|Strathspey, March 29, 2015|
Snow is falling on the high Cairngorms. The air is frosty in the glens. It doesn't feel like spring yet. So when does the season really begin? Here's a piece I wrote for The Great Outdoors last year.
Every year sees a little tussle over the date of the first day of spring. March 1 says the Met Office. The equinox, March 20/21, say traditionalists. Both conveniently divide the seasons into three month blocks. The Met Office likes it neat and orderly so seasons begin on the first day of the month. Tradition goes with the equinoxes, when the hours of light and dark are roughly equal, for the start of spring and autumn, and the solstices, which mark the days when there is most or least daylight, for summer and winter. The latter is more in tune with natural cycles but neither really says when any season begins. Nature isn’t that rigid or predictable. Spring doesn’t start abruptly on any day. Spring comes in gradually over several weeks. It’s a process not a date.
And spring comes in at different times in different places. The further north you are the later it arrives – for an early spring go to Cornwall not Caithness. More importantly for walkers spring comes in later the higher up you go. Mountain summits can still be snow-covered when the valleys are green with fresh grass and bright with the first flowers. This catches some people out. Every year when spring is announced in the media mountain rescue teams and national park authorities issue warnings about winter conditions on the tops and most years someone ill-equipped and ill-prepared has to be rescued because they thought winter was over. Even when there is little snow left the contrast between lush green valleys and withered brown hills can be great. No snow in March doesn’t mean no more winter conditions either. One year recently in the Cairngorms the hills were almost bare when spring officially began but were then covered in snow from April well into May – most of my ‘winter’ activities took place in those months that year and some TGO Challengers found themselves struggling through deep snow in the Lairig Ghru.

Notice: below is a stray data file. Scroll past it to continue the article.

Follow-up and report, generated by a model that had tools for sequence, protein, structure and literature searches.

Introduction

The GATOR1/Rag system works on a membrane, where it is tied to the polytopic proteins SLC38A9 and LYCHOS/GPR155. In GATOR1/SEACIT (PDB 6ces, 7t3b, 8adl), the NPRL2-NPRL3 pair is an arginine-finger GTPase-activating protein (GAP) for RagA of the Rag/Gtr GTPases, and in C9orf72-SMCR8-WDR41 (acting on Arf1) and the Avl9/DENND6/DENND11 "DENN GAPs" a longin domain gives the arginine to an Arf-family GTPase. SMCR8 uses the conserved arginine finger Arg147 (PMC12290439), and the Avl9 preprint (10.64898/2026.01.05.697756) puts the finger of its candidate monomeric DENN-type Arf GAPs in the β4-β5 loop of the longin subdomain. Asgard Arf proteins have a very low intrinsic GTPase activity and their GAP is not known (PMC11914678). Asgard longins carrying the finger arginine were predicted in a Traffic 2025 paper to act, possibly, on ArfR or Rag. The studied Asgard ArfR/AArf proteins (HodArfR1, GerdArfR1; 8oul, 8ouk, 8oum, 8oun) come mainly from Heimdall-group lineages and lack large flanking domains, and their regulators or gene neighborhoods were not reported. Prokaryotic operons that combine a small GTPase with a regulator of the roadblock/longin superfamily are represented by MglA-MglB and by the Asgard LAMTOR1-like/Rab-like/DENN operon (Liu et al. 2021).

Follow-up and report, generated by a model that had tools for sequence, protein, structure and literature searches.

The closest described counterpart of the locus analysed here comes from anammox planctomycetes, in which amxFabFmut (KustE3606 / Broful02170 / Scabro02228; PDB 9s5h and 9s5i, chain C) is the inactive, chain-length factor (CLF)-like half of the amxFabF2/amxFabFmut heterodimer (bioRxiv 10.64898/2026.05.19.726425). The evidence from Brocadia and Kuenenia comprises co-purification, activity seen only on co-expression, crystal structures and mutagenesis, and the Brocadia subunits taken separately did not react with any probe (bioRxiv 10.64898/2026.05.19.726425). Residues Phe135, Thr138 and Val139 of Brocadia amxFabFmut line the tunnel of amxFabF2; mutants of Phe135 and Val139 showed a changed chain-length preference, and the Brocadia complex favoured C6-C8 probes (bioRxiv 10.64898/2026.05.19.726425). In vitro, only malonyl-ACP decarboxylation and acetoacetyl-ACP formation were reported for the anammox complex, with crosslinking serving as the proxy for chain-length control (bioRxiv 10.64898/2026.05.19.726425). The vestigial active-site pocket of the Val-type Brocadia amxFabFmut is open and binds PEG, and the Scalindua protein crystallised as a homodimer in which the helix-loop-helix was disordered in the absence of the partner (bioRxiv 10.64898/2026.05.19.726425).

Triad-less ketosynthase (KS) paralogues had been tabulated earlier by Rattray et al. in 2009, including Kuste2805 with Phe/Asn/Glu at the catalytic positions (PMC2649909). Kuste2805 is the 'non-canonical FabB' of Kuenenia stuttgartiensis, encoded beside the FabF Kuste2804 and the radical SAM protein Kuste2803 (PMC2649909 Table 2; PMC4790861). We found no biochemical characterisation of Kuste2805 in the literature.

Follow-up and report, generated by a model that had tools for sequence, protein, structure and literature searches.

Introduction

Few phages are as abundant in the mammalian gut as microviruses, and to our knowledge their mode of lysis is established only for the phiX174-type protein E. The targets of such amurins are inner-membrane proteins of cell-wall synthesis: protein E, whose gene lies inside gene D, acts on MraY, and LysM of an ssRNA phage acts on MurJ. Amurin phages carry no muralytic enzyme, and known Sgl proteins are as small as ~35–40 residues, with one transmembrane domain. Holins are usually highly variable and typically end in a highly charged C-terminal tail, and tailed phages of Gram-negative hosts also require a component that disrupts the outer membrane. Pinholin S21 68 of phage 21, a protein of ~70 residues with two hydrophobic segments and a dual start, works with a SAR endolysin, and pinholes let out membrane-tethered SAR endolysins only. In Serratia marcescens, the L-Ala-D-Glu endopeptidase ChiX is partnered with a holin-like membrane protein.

|Bynack More, March 27, 2015|
The idea that each season is equal in length also doesn’t fit with what actually happens. The length of a season is fluid, varying from one year to the next. Spring sometimes goes by in a rush. Leaves and flowers appear, the world turns green and then after just a few weeks it feels more like summer, the newness already gone. In other years late snows and cold winds, even in the valleys, can delay the start of spring and when it begins it may take weeks to develop. Every year is different and this is one of the joys of spring. The same events happen but at different times and speeds.
Waiting for spring is always an exciting time. Spring for me signals the start of the year’s backpacking, the time when my load can be lightened and further distances travelled in the lengthening days. Here in the Cairngorms I think of April as usually being the first full spring month, at least in the glens, with May as spring at its height. By June it seems like summer. How will the spring of 2015 will develop? It’s certainly barely begun in the woods but the birds are singing and the lapwings are wheeling over the meadows, calling loudly. For me the return of the latter always marks the start of spring, regardless of the date. This year I first saw them on March 1st, so this year I agree with the Met Office.